Foster Care Adoption: Facts & Figures

Every year, more than 107,000 children in foster care are available for adoption. Many spend more than five years waiting for permanent, loving homes.

Who are these waiting children?

  • There are an estimated 440,000 children in foster care in the United States, and more than 123,000 of them are waiting to be adopted.

  • Through no fault of their own, these children enter foster care as a result of abuse, neglect and/or abandonment.

  • The average child waits for an adoptive family for more than two years.

  • 19 percent spend 5 years or more waiting for a family (24,300 children). The average age of children waiting for an adoptive family is 8.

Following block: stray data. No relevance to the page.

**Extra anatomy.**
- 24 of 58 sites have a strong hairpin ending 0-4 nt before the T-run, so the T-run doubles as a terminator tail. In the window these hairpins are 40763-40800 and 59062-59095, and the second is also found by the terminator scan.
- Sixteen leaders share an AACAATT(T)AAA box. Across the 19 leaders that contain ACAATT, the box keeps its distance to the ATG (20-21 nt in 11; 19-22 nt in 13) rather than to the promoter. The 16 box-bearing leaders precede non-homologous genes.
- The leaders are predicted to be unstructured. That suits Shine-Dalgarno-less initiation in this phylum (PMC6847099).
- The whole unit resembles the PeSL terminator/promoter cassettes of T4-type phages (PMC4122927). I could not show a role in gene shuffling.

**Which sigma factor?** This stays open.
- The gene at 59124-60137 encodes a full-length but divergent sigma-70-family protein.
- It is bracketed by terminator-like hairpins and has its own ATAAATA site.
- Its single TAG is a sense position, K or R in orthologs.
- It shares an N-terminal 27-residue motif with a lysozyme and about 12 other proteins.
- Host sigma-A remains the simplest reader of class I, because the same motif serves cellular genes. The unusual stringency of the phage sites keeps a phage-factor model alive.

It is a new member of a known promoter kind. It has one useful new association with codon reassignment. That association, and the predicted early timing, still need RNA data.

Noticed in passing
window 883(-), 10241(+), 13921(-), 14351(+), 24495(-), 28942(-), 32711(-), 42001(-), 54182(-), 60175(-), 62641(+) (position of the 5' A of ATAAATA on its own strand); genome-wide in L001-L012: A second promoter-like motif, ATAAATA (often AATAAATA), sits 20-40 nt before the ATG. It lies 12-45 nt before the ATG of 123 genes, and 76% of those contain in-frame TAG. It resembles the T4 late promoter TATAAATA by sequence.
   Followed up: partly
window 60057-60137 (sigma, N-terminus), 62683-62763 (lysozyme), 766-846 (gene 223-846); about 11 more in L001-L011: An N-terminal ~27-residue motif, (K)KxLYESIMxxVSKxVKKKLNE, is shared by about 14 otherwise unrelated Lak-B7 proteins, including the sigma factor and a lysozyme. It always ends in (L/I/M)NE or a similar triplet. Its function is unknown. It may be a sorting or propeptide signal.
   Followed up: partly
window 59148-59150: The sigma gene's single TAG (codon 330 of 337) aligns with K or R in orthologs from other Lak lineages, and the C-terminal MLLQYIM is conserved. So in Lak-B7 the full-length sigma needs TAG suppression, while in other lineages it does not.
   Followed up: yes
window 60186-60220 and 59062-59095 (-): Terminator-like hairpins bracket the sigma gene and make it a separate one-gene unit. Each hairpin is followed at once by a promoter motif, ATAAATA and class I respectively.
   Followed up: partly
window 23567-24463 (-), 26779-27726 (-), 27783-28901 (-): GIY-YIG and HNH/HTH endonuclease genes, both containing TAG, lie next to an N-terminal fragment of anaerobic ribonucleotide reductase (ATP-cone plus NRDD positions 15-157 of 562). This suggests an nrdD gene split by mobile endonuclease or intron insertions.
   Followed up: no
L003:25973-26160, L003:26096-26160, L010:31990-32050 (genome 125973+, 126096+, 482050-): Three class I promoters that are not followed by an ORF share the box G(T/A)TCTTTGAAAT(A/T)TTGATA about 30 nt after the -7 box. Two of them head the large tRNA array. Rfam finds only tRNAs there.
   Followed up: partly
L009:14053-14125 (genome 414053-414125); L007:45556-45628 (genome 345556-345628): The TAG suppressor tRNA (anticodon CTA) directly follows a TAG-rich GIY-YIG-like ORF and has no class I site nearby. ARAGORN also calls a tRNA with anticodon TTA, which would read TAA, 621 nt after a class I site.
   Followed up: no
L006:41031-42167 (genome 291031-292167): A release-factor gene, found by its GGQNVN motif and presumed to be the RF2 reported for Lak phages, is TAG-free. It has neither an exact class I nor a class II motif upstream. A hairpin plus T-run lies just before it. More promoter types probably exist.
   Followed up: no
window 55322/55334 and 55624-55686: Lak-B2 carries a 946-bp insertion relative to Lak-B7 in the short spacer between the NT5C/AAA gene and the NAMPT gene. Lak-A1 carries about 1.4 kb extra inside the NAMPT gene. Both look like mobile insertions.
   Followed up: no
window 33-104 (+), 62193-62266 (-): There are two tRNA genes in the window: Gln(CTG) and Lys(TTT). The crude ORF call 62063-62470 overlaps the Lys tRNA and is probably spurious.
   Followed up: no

What happens to them?
  • 59,000 children are adopted from foster care.
  • More than 20,000 children emancipate between the ages of 18 nad 21 without ever finding a forever family.
Who adopts from foster care?
  • Children in foster care are adopted by three types of families:
    - former foster parents (51 percent)
    - relatives (35 percent)
    - non-relatives (14 percent)
  • Of the families who adopt children from foster care, 68 percent are married couples, 25 percent are single females, 3 percent are single males, and 3 percent are unmarried couples.
  • A national survey in 2017 revealed that one-quarter of all Americans have considered adoption from foster care – more so than any other form of adoption, including private adoption of an infant or international adoption. 
(Sources: AdoptUSKids.org, DaveThomasFoundation.org, cwla.org, and the U.S. Department of Health and Human Services, Administration for Children Families Administration on Children.)